My first challenge was how to start this blog “our story” in such extraordinary times. I want it to be a positive message, but there are so many challenges going forward. Perhaps a good place to start is our shopping expedition to wholefoods a couple of days ago. It was somewhat of a surreal experience, we were met at the door of wholefoods, with the young lady who always has a smile and a kind word on the check out. This time she was at the front door, with the same smile, same warm welcome and a “stay safe” comment. In these times of “social distancing”, of public nervousness, it was a ray of happiness and warmth, so nice to see.
This is our story.
From the Inn’s perspective, the year had started well, early season bookings (Jan/Feb) were strong, and after visiting our family in Ohio and Maryland, Jo and I were excited to be leaving for the UK on the 28 February for a one month vacation break, see our daughter Aimee in London and spend time with Jo’s 92 year old Mum. Coronavirus was just a small blip on the horizon, right, nothing to worry about! “It’s going to disappear. One day, it’s like a miracle, it will disappear”, Feb 28.
Two days into our vacation in Cornwall we get a call that Jo’s Mum (Mut) has been rushed into hospital with a chest and stomach infections. We put our vacation on hold, thank goodness we were in the UK and drove back to Lymington in the New Forest, to be with her. For the next 10 days we worked in relays to spend time with her. The NHS were amazing, accommodating us, working to beat the infection, but it became increasingly clear they were frantically trying to get as many patients home, particularly the elderly. The covid-19 cases were growing expodentially and they were preparing for worst case scenarios. Once the hospital was satisfied that we’d be able to take care of Mut and her infections had cleared up sufficiently, she was discharged.
At the same time in the US, despite being told “The US is the most prepared country in the world”, Beth who was house sitting the Inn and our new puppy was becoming increasingly concerned. With imminent travel restrictions being announced, we had some major decisions to make. Mut was going to need care for some time, yet we also needed to get back to the Inn and prepare for its opening in April. We decided Jo should stay on to take care of Mut, and I managed to get onto a flight to Boston on 17th March. We’d seen pictures of the airport chaos on arrival, but when I arrived it was eerily quiet, we were met by masked staff and instructed to self isolate for 14 days. Once cleared, the customs, baggage and arrival halls were deserted, it really was an odd sensation. Beth met me at the kerbside, that was a first, but should I hug, kiss, or just touch elbows!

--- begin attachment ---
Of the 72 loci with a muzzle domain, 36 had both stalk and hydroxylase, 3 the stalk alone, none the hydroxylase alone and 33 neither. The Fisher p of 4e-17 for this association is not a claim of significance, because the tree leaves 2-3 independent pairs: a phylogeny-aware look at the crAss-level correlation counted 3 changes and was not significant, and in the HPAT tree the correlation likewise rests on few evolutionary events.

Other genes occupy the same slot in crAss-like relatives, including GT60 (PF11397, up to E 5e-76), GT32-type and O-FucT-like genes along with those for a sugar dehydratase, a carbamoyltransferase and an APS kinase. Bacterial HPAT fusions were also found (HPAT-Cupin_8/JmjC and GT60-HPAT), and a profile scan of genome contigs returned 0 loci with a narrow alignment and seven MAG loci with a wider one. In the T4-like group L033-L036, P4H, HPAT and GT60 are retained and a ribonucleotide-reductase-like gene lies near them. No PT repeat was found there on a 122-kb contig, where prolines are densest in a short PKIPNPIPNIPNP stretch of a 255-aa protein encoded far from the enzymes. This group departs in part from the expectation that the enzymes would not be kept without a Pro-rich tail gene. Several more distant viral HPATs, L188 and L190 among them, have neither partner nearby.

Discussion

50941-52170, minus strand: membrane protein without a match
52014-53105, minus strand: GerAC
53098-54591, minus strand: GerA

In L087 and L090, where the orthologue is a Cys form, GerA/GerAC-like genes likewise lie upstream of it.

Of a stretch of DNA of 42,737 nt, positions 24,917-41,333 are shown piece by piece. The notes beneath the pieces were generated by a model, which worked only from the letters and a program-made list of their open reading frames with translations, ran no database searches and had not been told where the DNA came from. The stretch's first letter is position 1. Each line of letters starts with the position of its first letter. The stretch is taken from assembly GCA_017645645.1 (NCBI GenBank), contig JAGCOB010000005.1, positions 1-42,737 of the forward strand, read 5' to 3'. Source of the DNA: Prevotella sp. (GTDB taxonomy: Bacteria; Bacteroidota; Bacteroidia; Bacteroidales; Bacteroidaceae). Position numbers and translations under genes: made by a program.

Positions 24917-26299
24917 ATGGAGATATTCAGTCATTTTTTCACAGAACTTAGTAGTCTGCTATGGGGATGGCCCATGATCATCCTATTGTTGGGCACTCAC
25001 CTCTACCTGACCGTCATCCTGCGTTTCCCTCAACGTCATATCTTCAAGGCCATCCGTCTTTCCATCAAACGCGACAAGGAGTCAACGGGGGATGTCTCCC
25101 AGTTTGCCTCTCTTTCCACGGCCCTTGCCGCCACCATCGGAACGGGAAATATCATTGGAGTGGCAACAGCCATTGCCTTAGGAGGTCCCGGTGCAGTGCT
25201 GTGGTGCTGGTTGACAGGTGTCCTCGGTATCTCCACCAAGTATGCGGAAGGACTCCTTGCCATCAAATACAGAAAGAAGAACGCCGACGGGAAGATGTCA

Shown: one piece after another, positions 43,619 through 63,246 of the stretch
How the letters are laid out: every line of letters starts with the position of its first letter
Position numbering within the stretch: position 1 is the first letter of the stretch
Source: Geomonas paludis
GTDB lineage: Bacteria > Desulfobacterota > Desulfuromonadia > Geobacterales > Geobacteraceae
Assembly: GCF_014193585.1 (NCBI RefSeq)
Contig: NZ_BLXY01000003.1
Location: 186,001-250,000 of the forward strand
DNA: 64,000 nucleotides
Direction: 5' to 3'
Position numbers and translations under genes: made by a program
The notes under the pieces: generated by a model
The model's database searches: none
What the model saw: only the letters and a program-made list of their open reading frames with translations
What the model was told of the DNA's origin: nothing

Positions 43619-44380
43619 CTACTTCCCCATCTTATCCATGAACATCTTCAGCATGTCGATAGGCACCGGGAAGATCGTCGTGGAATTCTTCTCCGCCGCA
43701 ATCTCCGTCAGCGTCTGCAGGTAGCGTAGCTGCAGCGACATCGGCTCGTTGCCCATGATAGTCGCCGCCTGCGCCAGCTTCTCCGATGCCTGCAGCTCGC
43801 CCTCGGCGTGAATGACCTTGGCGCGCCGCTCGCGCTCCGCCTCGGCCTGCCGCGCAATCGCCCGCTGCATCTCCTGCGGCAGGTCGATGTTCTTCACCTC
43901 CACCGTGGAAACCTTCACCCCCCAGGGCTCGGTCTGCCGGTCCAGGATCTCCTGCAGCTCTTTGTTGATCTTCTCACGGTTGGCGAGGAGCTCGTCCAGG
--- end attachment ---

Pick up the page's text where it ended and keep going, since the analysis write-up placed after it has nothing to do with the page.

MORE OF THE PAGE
That was 2 weeks ago, today, Jo continues to look after Mut who is responding well to her care, Jo has been amazing. She expects to stay for another month or until we can get something more permanent established for Mut’s support. She remains fiercely independent albeit frail, so will need help.
Beth and I have complied with the 14 day notice, and have pottered around the Inn doing odd jobs, doing yoga, thanks to yoga with Adriene and moving things around. Beth clearly has Jo’s genes, the creative one, and is moving things around! It will be interesting to see Jo’s response to this when she gets back! We take Lola, our puppy for walks to our favorite spots, we rarely see anyone. The April opening has been put off, and naturally bookings have all but disappeared. We’re hopeful that summer bookings will improve as the COVID-19 curve should be on a downward turn.
In the meantime, please stay safe, use an ubundance of caution in your daily lives, we are so looking forward to the time when a level of normality returns, the Inn is open and we can see so many of our guests again.
Share your story
I’m sure everyone has their own story and will look back on this life changing event. Please add your comment to our blog, share your experiences, we’d love to hear them.